There was a Committee of Resolutions and a Committee of Arrangements, in which appeared the names of Prof. Sidney G. Ashmore, Charles H. Knox, Charles F. Clark, Henry Hentz, C. A. Coffin, C. H. Coster, C. C. Cuyler, W. Crosfield, D. Cunningham, John Colville, M. P.; Charles Duggin, the Rev. Francis Goodwin, Charles Hands, C. R. Hosmer, Col. De Lancey Kane, W. G. Kirby, H. D. McCord, Charles M. Preston, James R. Roosevelt, George Henry Sargent, George Sherman, W. Storrs Wells, Edward Winslow, and George W. Ward.

Mr. Ward, who is Vice President of the Commercial Cable Company, said that he had been a passenger on the Great Eastern when she had come here in 1869. He commented on the fact that the Great Eastern had rolled terribly, so that her yards dipped the seas, and at times threatened to roll herself over.

The committee sent up to the bridge, requesting Capt. Cameron to come down to the saloon but the Captain sent back his regrets, explaining that, as the steamer was nearing the land, his place was on the bridge. It was recalled that when certain vessels had met untimely ends their masters were exchanging toasts in the cabins, and the incident but served to heighten the admiration expressed for the Oceanic’s commander.


A crowd gathered at the Battery as the Oceanic passed into the North River, and the top of the Produce Exchange Building was black with spectators. The tooting of the tugs and ferryboats which now took up the work of reception attracted the occupants of tall buildings down town to their windows, and the bulkheads along West Street were soon lined with people, while at the White Star Line piers, at the foot of Bank Street, there was a very large gathering.

Those who gazed at the big steamship as she moved now slowly up the river found that, as she has been described, she was in fact very much a reproduction of the familiar Majestic and Teutonic of the same line, differing only in size, and this was apparent principally because of the lilliputian appearance of all other craft. One feature conspicuous was the loftiness of her two funnels. These are elliptical, being 19 feet by 15 feet in diameter, 140 feet in height from the keel, and 125 feet from the fire bars.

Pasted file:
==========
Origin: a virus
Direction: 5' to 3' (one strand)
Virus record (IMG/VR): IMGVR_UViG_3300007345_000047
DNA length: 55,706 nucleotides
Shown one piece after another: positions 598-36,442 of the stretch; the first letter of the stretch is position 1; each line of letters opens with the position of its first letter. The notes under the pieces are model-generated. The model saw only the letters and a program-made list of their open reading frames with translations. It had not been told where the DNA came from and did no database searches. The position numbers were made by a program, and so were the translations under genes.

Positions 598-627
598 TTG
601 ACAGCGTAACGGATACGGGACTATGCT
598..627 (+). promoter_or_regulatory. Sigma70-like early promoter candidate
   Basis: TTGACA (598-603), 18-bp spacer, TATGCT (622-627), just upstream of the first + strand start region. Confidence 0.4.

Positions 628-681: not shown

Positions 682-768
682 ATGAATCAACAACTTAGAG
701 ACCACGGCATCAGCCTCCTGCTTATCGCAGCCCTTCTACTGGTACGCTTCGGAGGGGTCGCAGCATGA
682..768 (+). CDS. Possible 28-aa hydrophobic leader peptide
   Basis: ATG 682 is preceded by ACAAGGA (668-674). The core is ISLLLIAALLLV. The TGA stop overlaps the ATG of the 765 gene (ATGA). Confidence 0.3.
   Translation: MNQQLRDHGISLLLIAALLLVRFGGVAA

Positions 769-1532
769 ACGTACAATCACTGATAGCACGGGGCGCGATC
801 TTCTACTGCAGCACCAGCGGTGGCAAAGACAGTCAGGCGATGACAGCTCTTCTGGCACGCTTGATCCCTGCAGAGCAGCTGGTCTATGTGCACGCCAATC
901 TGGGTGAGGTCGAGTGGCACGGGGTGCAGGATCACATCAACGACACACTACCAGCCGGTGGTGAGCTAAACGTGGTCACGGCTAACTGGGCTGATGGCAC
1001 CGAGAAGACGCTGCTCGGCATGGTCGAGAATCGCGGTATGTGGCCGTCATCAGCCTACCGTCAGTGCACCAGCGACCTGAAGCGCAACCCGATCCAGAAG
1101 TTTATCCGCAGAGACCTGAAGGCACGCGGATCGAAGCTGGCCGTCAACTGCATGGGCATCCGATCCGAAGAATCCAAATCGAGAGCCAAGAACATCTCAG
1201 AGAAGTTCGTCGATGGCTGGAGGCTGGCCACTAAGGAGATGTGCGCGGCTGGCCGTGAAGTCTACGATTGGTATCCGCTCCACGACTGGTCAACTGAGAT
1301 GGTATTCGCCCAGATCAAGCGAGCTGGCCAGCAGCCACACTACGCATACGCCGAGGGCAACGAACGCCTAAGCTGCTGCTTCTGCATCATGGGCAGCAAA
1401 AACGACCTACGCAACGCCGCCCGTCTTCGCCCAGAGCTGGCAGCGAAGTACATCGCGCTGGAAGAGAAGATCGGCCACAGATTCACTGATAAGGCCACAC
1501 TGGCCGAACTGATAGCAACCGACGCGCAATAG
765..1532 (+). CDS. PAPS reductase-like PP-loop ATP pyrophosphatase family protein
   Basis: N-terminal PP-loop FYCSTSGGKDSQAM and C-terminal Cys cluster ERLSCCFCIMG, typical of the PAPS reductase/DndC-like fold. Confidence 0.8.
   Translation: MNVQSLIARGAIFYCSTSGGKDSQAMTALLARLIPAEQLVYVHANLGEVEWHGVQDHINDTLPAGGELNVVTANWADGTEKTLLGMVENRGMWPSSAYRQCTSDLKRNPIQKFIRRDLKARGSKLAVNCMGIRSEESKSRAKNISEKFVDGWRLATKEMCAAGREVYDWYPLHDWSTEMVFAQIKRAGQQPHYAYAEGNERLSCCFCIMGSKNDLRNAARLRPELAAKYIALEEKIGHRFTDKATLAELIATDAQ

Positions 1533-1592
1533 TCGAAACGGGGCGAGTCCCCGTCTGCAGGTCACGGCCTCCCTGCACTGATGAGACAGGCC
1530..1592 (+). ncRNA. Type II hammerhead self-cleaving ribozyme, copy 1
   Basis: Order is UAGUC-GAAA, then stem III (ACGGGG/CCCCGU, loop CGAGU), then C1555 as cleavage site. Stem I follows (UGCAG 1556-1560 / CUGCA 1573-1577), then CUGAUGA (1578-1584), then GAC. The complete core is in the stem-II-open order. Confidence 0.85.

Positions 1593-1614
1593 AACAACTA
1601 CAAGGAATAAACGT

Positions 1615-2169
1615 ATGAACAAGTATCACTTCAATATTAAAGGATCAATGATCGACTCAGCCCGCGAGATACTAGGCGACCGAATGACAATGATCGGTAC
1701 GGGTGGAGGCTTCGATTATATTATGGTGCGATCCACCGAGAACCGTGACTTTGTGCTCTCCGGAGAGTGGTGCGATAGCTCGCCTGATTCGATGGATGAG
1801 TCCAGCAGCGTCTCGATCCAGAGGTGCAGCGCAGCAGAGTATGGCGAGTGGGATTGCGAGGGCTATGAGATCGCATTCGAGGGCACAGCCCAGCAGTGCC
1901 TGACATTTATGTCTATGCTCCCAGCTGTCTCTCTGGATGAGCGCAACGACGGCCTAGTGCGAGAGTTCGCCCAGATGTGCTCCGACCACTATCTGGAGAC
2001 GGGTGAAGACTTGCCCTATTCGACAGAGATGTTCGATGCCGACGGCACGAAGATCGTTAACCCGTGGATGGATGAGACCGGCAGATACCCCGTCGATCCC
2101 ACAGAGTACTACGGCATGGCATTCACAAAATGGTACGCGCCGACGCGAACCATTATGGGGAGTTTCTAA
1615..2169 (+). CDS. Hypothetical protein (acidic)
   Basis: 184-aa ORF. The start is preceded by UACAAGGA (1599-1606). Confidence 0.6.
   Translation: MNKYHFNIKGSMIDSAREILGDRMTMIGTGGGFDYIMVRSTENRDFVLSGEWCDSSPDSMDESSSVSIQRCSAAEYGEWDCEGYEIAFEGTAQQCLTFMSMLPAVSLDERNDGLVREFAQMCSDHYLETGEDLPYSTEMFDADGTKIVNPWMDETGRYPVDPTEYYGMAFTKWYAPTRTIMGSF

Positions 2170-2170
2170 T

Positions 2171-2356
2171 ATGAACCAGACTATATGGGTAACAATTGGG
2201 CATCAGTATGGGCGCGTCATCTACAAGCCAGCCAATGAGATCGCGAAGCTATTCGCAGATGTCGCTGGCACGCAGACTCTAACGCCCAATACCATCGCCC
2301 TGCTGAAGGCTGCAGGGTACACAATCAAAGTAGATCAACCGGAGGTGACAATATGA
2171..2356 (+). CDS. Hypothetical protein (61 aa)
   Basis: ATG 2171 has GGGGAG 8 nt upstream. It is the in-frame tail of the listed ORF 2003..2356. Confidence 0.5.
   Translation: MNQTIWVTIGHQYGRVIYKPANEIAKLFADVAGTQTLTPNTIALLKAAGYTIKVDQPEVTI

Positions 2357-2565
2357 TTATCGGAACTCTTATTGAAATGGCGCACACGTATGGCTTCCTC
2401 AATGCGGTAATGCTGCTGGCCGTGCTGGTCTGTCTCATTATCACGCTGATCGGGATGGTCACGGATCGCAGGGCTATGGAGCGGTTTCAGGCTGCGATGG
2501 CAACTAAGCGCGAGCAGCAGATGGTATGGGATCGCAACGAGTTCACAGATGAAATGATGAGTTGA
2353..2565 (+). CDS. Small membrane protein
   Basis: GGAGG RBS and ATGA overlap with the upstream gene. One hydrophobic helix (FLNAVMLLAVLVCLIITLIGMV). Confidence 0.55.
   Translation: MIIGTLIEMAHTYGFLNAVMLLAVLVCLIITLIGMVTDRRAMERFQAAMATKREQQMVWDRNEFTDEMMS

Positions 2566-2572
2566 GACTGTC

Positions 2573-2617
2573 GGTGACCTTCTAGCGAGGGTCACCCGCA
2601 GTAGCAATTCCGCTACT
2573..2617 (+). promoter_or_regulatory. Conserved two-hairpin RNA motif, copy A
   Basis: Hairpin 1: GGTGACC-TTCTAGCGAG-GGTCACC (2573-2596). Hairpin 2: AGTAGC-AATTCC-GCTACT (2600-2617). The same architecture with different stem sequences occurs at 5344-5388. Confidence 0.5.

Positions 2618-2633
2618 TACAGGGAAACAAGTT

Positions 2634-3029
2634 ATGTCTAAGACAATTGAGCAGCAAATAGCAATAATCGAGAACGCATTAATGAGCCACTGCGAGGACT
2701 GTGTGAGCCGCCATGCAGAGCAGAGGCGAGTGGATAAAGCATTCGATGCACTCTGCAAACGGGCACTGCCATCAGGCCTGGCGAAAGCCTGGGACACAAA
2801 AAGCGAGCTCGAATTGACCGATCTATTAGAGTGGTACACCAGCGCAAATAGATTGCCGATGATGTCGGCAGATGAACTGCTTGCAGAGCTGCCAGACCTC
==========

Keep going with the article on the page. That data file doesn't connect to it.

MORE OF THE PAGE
It was at the end of the flood tide when she swung her bow toward the New York shore opposite her pier, the time being 12:45 P. M. The southerly side of the southernmost one had been prepared for her. She came straight in while nine tugs got alongside her on the port hand ready to push their noises against her quarter after her bow got within the pierhead line, so as to prevent the tide carrying her stern up stream.
Do their best, it swung her somewhat.

As her side moving slightly forward came in contact with the chafing gear at the rounded corner of the pier, it scraped off some rope, steel cable, and timber, mixing the mess up in fine pulp that stuck in the overlapping plates of her side, and to the heads of the bolts which hold in place her bunker ports. In fact, the heads of some of the bolts were nubbed off flush along with a streak of paint. The damage was of no consequence, but gave an idea of the tremendous weight of the craft.


The special gangplank, with three passageways on it, railed off, for the first cabin passengers, was rigged from a platform reached by a dozen steps. It was at 1:30 P. M. that the first passenger disembarked, and soon the pier presented an animated spectacle. The crowd was an unusually large one, for in addition to the friends of an unusual number of passengers there was a host of shipping men who had obtained passes to witness the arrival of the Oceanic.